Starting February, the Spurs have eight back-to-backs, where the second leg of those back-to-backs include games at Portland, New Orleans, Orlando, Phoenix and Denver. Most fans would agree with me that resting key players in such games would make those games extremely hard to win, despite having a great bench this year. Let’s not forget the above opponents will all have playoffs seeds to fight for. If the Spurs do not come into this stretch of the season with a decent record, there is a danger of either getting a low playoff seed, or risking injury to key players by playing them more than Pop would ideally want.
The Western Conference’s top echelon is as competitive as it has ever been. LA Lakers, Portland, Denver, Dallas, Houston, New Orleans, maybe even Phoenix and Utah, could all pass the 50-win mark. A couple of extra losses here or there could mean facing the Lakers very early on, maybe even in the first round.
Given the above points, it gets apparent to me that this regular season could turn out to be much tougher than expected if the Spurs don’t capitalize on the upcoming string of home-stands and head to the Rodeo Road Trip with only an “OK” record. It will be important for Pop and the coaching staff to very carefully plan their approach to the schedule so that, on one hand, the new players are still given the time they need to get confident and to learn the Spurs system, but on the other hand, the team also does not lose sight of what is coming later in the season and realises that they cannot afford to drop many home games early on.
In the coming few weeks, the Spurs play at home to teams such as Oklahoma City, Milwaukee, Golden State, Philadelphia, Sacramento, Charlotte, LA Clippers, Minnesota, New Jersey and Memphis. These are all games that the Spurs should really win at home, with or without any early season rustiness. And I do think that resting the Big Three in the second leg of back-to-backs later in the season is probably more important as far as the playoffs are concerned than anything else. To be able to do that, the Spurs will have to make sure enough wins are earned in the easier, home-dominated, first-half schedule.
Getting 60+ wins suddenly sounds a tad harder now. All of this is actually one of the reasons why I personally predicted only 54 wins for the Spurs this season, and the more I think about it, the more I realize even 54 would actually be a very good achievement considering the circumstances. I hope, of course, that the Spurs prove my concerns to be completely baseless by playing like road warriors later on in the season and therefore compensating for any silly early home losses. However, I’d still rather have the luxury of being able to rest our big three late in the season to keep them fresh for the playoffs by capitalizing on the extended home cooking the Spurs are about to get in the upcoming few weeks.no comments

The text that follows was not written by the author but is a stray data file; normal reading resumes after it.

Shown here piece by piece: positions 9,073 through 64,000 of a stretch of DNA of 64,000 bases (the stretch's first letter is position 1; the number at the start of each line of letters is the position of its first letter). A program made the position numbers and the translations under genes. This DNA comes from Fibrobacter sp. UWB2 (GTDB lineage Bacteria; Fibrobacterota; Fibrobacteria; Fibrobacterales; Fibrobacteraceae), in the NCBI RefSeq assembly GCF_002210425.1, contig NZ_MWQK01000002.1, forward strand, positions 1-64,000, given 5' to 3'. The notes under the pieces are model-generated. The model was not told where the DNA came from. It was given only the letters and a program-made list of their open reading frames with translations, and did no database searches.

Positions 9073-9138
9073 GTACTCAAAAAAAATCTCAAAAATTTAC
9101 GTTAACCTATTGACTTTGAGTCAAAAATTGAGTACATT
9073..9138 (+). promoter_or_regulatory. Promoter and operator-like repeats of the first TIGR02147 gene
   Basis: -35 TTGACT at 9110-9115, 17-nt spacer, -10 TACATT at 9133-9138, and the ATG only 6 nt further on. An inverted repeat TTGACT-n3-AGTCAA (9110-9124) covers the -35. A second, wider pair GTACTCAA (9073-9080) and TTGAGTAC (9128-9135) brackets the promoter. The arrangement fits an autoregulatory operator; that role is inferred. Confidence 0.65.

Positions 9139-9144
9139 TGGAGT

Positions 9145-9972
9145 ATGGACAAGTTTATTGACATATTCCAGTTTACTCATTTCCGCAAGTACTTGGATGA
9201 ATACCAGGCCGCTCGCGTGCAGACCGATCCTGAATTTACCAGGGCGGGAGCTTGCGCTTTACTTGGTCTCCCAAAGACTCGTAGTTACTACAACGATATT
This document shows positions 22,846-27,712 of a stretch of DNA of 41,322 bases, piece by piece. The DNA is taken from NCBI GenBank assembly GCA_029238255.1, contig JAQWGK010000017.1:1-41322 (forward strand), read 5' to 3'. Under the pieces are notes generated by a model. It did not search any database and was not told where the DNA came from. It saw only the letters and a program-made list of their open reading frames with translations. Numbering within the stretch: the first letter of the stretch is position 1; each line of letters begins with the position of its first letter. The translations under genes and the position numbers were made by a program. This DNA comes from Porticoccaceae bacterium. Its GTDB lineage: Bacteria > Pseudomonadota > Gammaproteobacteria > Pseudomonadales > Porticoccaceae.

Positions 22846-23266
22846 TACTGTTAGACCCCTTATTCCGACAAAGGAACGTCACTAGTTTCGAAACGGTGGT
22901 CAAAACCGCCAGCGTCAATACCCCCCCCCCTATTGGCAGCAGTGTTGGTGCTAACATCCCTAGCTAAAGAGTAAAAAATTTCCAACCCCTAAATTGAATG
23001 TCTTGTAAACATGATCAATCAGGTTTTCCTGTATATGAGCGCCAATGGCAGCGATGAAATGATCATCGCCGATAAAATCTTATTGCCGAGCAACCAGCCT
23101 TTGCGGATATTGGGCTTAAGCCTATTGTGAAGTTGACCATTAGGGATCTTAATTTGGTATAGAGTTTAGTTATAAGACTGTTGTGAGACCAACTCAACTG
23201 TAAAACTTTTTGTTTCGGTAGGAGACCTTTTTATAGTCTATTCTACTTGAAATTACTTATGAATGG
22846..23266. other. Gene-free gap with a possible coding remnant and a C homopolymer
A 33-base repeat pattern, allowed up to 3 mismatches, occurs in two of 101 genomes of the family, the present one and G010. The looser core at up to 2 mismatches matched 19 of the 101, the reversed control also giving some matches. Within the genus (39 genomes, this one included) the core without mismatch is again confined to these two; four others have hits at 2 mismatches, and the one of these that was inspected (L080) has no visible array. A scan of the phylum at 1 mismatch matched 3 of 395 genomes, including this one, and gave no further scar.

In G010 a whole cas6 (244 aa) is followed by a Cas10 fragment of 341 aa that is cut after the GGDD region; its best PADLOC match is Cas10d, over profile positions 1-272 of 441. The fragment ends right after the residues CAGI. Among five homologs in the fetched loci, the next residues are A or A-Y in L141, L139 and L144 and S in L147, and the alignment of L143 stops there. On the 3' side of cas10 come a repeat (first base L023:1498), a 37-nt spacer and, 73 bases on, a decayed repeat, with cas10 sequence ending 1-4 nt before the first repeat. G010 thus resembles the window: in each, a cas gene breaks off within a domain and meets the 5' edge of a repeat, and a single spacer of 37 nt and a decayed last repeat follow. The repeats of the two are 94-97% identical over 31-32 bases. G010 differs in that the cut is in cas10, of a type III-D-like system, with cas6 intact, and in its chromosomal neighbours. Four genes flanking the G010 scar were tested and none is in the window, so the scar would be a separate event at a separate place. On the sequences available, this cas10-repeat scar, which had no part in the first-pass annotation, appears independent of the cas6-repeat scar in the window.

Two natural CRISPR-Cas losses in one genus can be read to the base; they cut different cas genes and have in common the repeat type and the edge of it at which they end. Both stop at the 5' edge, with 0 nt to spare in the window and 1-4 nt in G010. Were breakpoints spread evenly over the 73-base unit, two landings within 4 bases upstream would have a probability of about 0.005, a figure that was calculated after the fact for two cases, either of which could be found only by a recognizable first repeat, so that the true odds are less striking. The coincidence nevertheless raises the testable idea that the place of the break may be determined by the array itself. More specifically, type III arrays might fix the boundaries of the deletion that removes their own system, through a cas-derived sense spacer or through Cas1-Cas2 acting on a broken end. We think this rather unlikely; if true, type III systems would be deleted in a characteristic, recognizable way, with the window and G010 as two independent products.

By Robby Lim
The Spurs season is still in its infancy but so far it would seem the Spurs can’t find a groove. There are times they look a step slow on defense and times where they can’t find their shooting touch.
Some Spurs fans might get easily worried or frustrated about the slow start and rightfully so. After seeing the summer acquisitions, and the hype surrounding the Spurs heading into the new season, it’s perfectly normal to get excited and expect immediate results. But the truth is it doesn’t work that way. Having great talent is one thing. Building team chemistry is another.
Now you might ask why do teams like the the Lakers, Celtics, Nuggets and even the Suns have all great starts, while the Spurs have struggled?
Those teams didn’t change their roster as much as the Spurs did. The Lakers basically swapped Ariza for Artest. The Celtics simply added Rasheed Wallace and Marquis Daniels to the mix. The Nuggets retained their core and drafted Ty Lawson and signed Aaron Afflalo while the Suns returned to their old running game while acquiring Frye.
The Spurs, on the other hand, are almost an entirely new team. They’ve added new pieces in Richard Jefferson, Antonio McDyess and DeJuan Blair. They also added Theo Ratliff, Keith Bogans and Marcus Haislip, all who need time to develop chemistry among themselves and with the returning players from last year's Spurs team.
The point is that the other teams mentioned are quite familiar with each other. They retained their core and have fewer guys that need to learn the system. For a team game like basketball, familiarity and chemistry are of great importance. It’s one thing to add a piece or two, but having a roster overhaul is a different story.
It is also important to note that despite their early struggles, the Spurs starters are getting a lot of rest. In five games, no Spur has averaged at least 30 minutes of playing time. This means Pop is not forcing it. He’s still in the "break in" mode so to speak.
As Pop put it, "the chemistry between the new Spurs and old Spurs — the learners and returners, is still a work in progress."
Pop has his work cut out for him. This year is probably the most challenging chapter in his coaching career. If the Spurs are to compete for a title, the learning curve for the newcomers needs to be shortened.
Championship teams are not built overnight. It’s a process and for a team like the Spurs, positive results might take a while.
With that being said, I’m inclined to believe the Spurs will continue to improve as the season goes on. By mid January or early February, it’s safe to say that we could see a different Spurs team. A team that is more focused, winning, and passed chemistry 101 with flying colors.
Please leave us your thoughts on the Spurs slow start and if it is more to it than just a chemistry issue.